Violence can be defined as overt behavior that involves the intent to inflict noxious stimulation or to behave destructively toward another organism [1,2]. Violent behavior in human society is a complex output of biological, behavioral, and social factors [3,4]. Epilepsy and violent behavior have long been regarded as similar because of their episodic or impulsive natures [5,6]. Violent behavior among patients with epilepsy can be categorized into peri-ictal violence (preictal, ictal, and postictal), which occurs around the time of a seizure attack, and interictal violence, which has less of a temporal relationship with a seizure attack .
There has been a belief that people with epilepsy are more prone to committing violent acts than the general population ; however, there has been no convincing evidence to indicate that epilepsy is associated with violent behavior . The prevalence of violence among patients with epilepsy can vary according to the definition of violent behavior, epilepsy subtypes, and the origin of the study population . For example, temporal lobe epilepsy had been reported to be related to a high rate of about 7% of violent acts . Some studies have indicated that epileptic prisoners do not commit more violent crimes than nonepileptic prisoners . Another report stated that the rate of epilepsy in prison populations was similar to those found in most economically disadvantaged communities, suggesting that socioeconomic conditions are an important factor leading patients with epilepsy to commit criminal behavior . Combined medical diseases, such as alcohol dependence, brain injury, and psychosis, and frustrated social achievement may contribute to violent behavior [4,11,12].
It is conceivable that only a minority of patients with epilepsy commit a violent crime. This in turn strengthens the social stigma against patients with epilepsy. If we can elucidate potential violence-aggravating factors among patients with epilepsy, we may be able to understand the pathomechanism of aggression and possibly prevent further violent behavior. In this study, we set out to evaluate the clinical and criminal characteristics of epileptic patients who committed violent crimes.
1. Patient inclusion
The National Forensic Hospital in Gongju is a hospital-based correctional institution that was founded in 1987 by the Ministry of Justice of the Republic of Korea. It is a unique forensic hospital in the Republic of Korea, and those criminals who have committed crimes as a manifestation of their psychiatric or neurological diseases are incarcerated in the institution. When patients are admitted to the hospital, we perform routine blood tests, electroencephalography (EEG), and the Korean version of the Wechsler Adult Intelligence Scale, which measures the intelligent quotient (IQ). Brain magnetic resonance imaging (MRI) is considered when outside data is not available.
Between October 2007 and September 2008, patients with epilepsy who were incarcerated in the forensic hospital due to violent crime were enrolled in the study. Epilepsy was diagnosed when a patient had two or more unprovoked seizure attacks or when antiepileptic drugs had been prescribed for a diagnosis of epilepsy. Epilepsy subtype was determined after reviewing outside hospital records and EEG results upon admission. All of the patients had been diagnosed with epilepsy before their crimes, and one neurologist confirmed the diagnosis after admission to the forensic hospital. The violent crimes included homicide, attempted murder, rape, assault, arson, and robbery. We retrospectively reviewed the patients’ medical and legal reports. The seizure-control state was determined as good if a patient was in a state of remission for longer than a year. We obtained their EEG and brain MRI results as well. The study was reviewed and approved by the institutional review board of the National Forensic Hospital in Gongju.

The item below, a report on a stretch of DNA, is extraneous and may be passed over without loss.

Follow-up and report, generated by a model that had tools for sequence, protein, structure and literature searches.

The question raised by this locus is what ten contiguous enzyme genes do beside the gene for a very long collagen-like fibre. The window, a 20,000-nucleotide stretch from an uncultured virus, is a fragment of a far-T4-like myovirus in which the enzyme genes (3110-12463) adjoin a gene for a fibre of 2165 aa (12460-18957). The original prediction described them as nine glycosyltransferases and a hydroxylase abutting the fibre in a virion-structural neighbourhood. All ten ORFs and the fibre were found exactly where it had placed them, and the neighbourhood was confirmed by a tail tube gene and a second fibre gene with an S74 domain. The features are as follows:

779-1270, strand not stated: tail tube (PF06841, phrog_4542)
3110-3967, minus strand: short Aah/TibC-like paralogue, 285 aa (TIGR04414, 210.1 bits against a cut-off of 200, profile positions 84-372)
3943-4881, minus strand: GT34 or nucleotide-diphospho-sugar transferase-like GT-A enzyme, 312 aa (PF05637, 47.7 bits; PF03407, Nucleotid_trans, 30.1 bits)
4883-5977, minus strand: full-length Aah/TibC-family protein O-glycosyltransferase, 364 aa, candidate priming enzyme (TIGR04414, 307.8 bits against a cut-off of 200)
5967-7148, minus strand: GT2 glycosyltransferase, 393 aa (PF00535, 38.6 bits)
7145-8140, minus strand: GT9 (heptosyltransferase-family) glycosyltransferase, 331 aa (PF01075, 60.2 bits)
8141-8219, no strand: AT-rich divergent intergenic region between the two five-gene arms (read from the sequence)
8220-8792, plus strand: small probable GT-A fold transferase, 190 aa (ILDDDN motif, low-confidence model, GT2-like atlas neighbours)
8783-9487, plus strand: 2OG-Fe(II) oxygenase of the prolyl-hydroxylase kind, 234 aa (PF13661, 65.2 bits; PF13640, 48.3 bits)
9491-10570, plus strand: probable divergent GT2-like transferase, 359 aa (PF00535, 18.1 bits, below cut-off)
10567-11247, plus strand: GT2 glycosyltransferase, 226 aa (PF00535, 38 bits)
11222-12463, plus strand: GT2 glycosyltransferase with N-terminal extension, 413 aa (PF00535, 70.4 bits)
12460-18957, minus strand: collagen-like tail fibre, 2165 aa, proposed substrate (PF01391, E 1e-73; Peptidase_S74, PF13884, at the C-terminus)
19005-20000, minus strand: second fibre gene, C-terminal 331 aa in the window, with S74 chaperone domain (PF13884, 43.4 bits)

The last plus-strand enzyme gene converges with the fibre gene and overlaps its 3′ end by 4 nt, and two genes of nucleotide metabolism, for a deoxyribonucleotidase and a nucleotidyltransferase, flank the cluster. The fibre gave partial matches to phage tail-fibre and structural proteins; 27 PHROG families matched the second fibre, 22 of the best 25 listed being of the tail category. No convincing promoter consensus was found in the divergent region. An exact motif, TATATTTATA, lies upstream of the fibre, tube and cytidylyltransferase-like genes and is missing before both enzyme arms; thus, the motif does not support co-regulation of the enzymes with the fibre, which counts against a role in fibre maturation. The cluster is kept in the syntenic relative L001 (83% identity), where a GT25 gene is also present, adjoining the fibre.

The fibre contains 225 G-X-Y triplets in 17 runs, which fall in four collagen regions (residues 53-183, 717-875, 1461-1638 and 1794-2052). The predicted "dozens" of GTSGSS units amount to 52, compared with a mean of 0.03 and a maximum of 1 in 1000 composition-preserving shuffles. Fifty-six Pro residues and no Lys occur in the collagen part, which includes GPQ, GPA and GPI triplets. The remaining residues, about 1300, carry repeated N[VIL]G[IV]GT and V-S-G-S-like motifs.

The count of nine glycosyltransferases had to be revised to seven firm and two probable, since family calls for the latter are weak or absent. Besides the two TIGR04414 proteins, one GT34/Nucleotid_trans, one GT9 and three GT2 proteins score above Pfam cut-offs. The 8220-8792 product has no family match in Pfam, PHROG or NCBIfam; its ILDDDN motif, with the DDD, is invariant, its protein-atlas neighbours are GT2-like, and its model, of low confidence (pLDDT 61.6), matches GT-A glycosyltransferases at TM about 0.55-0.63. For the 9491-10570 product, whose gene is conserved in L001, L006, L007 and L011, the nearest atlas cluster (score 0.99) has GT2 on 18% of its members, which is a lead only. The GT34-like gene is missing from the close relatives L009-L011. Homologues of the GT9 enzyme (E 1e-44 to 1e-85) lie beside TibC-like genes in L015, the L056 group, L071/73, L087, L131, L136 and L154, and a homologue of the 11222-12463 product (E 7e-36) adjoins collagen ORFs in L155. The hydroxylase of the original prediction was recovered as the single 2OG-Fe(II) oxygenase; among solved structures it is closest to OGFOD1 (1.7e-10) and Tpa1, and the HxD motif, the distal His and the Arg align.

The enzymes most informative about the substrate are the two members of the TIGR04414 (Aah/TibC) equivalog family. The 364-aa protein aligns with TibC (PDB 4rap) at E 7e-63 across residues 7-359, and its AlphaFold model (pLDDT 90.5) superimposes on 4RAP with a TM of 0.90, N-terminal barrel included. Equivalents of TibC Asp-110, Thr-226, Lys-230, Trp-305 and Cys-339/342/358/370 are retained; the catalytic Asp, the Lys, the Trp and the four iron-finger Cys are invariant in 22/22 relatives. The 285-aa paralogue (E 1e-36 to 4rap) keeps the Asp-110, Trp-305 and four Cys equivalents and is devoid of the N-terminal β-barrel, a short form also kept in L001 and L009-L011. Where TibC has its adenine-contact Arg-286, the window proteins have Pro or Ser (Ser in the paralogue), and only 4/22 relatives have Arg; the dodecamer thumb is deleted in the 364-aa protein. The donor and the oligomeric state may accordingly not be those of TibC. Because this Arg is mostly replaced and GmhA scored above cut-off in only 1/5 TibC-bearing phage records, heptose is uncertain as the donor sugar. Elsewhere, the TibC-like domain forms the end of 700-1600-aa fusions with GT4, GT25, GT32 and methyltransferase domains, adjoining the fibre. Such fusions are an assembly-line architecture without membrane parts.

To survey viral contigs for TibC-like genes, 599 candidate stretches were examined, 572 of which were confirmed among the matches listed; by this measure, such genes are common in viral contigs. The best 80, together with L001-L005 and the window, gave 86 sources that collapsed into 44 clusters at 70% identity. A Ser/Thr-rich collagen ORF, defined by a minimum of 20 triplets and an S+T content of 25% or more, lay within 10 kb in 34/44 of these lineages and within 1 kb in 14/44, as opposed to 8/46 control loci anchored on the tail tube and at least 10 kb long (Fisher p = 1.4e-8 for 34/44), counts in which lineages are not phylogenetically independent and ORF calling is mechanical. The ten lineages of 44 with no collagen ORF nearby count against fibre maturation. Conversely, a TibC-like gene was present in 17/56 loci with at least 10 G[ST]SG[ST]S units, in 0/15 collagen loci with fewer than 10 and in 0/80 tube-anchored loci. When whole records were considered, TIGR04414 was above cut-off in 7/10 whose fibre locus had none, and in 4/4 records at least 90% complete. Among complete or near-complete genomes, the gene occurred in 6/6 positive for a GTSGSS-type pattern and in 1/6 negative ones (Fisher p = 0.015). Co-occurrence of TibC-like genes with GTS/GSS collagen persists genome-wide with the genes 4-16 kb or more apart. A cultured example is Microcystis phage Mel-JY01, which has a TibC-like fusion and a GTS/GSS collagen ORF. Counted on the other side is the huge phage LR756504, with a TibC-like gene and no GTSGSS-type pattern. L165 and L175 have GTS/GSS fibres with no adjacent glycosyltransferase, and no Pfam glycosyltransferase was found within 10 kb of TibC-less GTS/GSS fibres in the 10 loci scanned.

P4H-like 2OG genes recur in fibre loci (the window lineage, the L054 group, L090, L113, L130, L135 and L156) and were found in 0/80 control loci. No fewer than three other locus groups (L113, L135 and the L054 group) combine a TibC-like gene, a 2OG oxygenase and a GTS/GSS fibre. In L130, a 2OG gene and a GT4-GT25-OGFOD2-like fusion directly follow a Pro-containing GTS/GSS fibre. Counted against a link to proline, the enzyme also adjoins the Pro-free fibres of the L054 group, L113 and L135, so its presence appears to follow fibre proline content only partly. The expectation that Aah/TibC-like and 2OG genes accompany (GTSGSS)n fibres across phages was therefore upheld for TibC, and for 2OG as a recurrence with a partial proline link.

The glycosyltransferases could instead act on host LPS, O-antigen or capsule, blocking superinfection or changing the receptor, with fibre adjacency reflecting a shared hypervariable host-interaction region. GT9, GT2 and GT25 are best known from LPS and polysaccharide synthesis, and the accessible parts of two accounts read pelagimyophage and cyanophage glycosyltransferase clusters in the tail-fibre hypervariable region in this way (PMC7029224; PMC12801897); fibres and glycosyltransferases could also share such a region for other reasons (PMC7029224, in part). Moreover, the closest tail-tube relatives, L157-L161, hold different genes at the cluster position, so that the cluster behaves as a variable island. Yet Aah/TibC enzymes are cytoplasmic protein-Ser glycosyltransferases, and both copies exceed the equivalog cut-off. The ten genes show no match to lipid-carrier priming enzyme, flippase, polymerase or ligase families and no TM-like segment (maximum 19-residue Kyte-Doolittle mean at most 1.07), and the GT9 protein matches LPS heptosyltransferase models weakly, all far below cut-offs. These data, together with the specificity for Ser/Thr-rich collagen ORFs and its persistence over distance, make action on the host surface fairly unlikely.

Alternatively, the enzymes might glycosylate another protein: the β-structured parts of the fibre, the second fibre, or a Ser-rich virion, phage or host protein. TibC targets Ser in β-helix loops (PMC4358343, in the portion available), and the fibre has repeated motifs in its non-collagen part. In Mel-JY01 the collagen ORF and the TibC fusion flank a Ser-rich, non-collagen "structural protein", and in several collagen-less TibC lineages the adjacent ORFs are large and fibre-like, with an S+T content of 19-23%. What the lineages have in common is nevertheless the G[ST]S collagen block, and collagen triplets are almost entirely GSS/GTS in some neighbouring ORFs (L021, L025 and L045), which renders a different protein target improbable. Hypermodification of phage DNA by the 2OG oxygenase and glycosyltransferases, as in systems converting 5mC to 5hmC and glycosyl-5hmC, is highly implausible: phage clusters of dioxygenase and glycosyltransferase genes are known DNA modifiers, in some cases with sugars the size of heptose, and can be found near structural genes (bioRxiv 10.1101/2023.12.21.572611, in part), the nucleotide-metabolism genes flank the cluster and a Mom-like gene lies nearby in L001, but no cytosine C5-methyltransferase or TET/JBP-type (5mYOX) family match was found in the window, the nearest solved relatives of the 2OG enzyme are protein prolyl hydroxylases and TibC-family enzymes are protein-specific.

2. Statistical analysis
A Spearman test was performed to test for any correlation between the age of the patient at their first crime and values including epilepsy onset age, IQ, and educational achievement with SPSS for Windows (version 12.0; SPSS, Inc., Chicago, IL, USA). p-values less than 0.05 were considered statistically significant.
There were 17 epilepsy patients who had committed a violent crime, and these patients constituted 2.2% of the total patient population (761) in the forensic hospital. The mean age of the study population was 42.2 ± 11.2 years. The mean age of the patients at epilepsy onset and at the time of their first crime was 15.5 ± 14.5 years and 33.9 ± 12.3 years, respectively. There were two female patients.
All of the patients were diagnosed with localization-related epilepsy, which involved either frontal lobe epilepsy or temporal lobe epilepsy (Table 1). Possible etiologies included head trauma in three patients, cerebral infection in two patients, and stroke in another. Brain MRI data, which was available for seven patients, revealed various structural lesions, including cerebral infarction, polymicrogyria, meningioma, surgical excision, and encephalomalatic change after head injury. Fifteen out of the 17 patients were not taking regular antiepileptic medication prior to their crimes, partly because of economic problems or adverse effects of the drugs, but mostly because they did not recognize the importance of drug maintenance. All patients, except two, were well controlled by medication after admission. Ten patients were in a remission state with monotherapy, and five were being administered two antiepileptic medications. One patient had surgical treatment for epilepsy eight years prior to his crime. Other combined medical conditions included mental retardation in seven patients, alcohol abuse in four, schizophrenia in three, and dementia in one.
2. Violent crimes
The types of crimes among the patients included murder in six patients, attempted murder in three, rape in three, assault in two, robbery in two, and arson in one. Most of the patients did not experience overt seizure attacks before and after the crime, and they did not lose their consciousness or memory during the crime. However, two patients stated that they did not remember their criminal behavior, suggesting the possibility of postictal confusion. Although the two patients experienced overt seizure attacks after admission, they had not shown any alteration of consciousness with violent behavior.
Ten patients (58.8%) had previous criminal records, which were due to similar types of crimes as those discussed in this paper. Seven patients were in a heavily drunken state when they committed their crimes (Table 1). Eight patients experienced psychosis, and two patients committed their crimes in response to auditory or visual hallucinations. In eight patients, the victims of their crimes were family members. A positive correlation existed between the age of onset of their first crimes and the patients’ IQ scores, as illustrated in Table 2 and Figure 1 (r = 0.533, p = 0.033).